In the late 1970s, the Palisades country store closed and stayed closed. Though several families have tried to re-open the store, the low level of traffic and business in town has made it impossible. Since the railroads stopped running through town in 1985, Palisades has not changed much, however. Though there are many farms and ranches in the Palisades area, the majority of traffic through town, especially in the summer months, seems to be from those heading to Douglas Creek. Though few people in the county know of Douglas Creek, it should be known that the locals themselves avidly avoid the area. The beautiful mountain trails, falls and pools have been a gathering place for teenagers and “hippies” for as long as those in Palisades can remember.
View of coulee looking east View of coulee looking west
Driving through the Moses Coulee, it is no wonder why pioneers settled there and why modern farmers have upheld the tradition. Chief Moses, for whom the coulee was named, was called Sulk-stalk-scosum, or “a place split from the sun.” The sun beats down and the wind can blow hard, but there is always a sense of protection from the massive cliff walls jutting up high toward the sky.
Fran Roth of Palisades has lived in the Moses Coulee her whole life, and boy does she have stories to tell. When asked about what goes on in Palisades today, however, Fran was quick to respond with a laugh, “not much!” Palisades’s ex-postmaster of 30 years may be one of the few faces in Palisades that knows a detailed history of her hometown’s past. That is partly because her mother, Mrs. Art Allen, was the Palisades area writer for the Wenatchee World newspaper for many years. Fran remembers a time when the store was still open, the trains still ran through, and even when bands of Indians would travel through town and occasionally have pow-wows.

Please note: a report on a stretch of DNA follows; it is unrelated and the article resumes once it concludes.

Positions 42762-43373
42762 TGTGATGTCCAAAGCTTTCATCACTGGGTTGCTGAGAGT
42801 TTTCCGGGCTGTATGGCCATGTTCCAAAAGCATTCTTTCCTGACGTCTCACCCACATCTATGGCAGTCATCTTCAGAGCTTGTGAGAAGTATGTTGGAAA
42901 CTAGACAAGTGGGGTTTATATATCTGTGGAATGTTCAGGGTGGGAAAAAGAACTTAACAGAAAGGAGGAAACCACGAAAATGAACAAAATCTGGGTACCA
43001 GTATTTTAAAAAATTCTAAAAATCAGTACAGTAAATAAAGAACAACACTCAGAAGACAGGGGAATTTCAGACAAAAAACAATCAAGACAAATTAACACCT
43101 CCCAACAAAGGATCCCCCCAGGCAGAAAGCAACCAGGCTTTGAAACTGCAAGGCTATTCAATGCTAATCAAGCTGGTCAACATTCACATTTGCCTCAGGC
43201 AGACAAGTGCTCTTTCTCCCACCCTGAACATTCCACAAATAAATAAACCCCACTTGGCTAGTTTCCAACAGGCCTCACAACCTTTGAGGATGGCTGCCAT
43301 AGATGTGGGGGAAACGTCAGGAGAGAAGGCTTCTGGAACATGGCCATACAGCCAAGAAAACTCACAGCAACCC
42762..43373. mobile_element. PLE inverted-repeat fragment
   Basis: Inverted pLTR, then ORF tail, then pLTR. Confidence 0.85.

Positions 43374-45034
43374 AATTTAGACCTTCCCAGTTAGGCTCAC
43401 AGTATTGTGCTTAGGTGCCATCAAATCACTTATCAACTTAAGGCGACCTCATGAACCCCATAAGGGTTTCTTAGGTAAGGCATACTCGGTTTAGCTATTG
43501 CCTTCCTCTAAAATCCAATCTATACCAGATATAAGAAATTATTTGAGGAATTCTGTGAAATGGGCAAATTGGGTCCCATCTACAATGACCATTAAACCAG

Growing up in Palisades, Fran remembers attending the original single room Palisades schoolhouse. “There were 15 kids in school when I went,” she said. “One room, one teacher!” After graduating from the Palisades school system, Fran began traveling to East Wenatchee. The high school she attended was across from the East Wenatchee City Hall, in a building more commonly referred to as the “old junior high.” Fran is proud to say that her class was the first to graduate from the “new” 12th grade system at Eastmont High School in 1956. On top of that, Fran was the first to walk and receive her diploma. In Fran’s class there were two girls who shared her maiden name of Allen, but “F came before P so I graduated first.”
Palisades Elementary School today
It is clear when talking to Fran Roth that she would not want to live anywhere else in the world. She says she once thought about living in Ellensburg, but after traveling there and seeing the sideways trees she decided it was just too windy. Fran’s home is hidden from the road and surrounded by acres of land, which she leases out. “No one can get any closer than they already are,” she said confidently. And that’s just the way she likes it.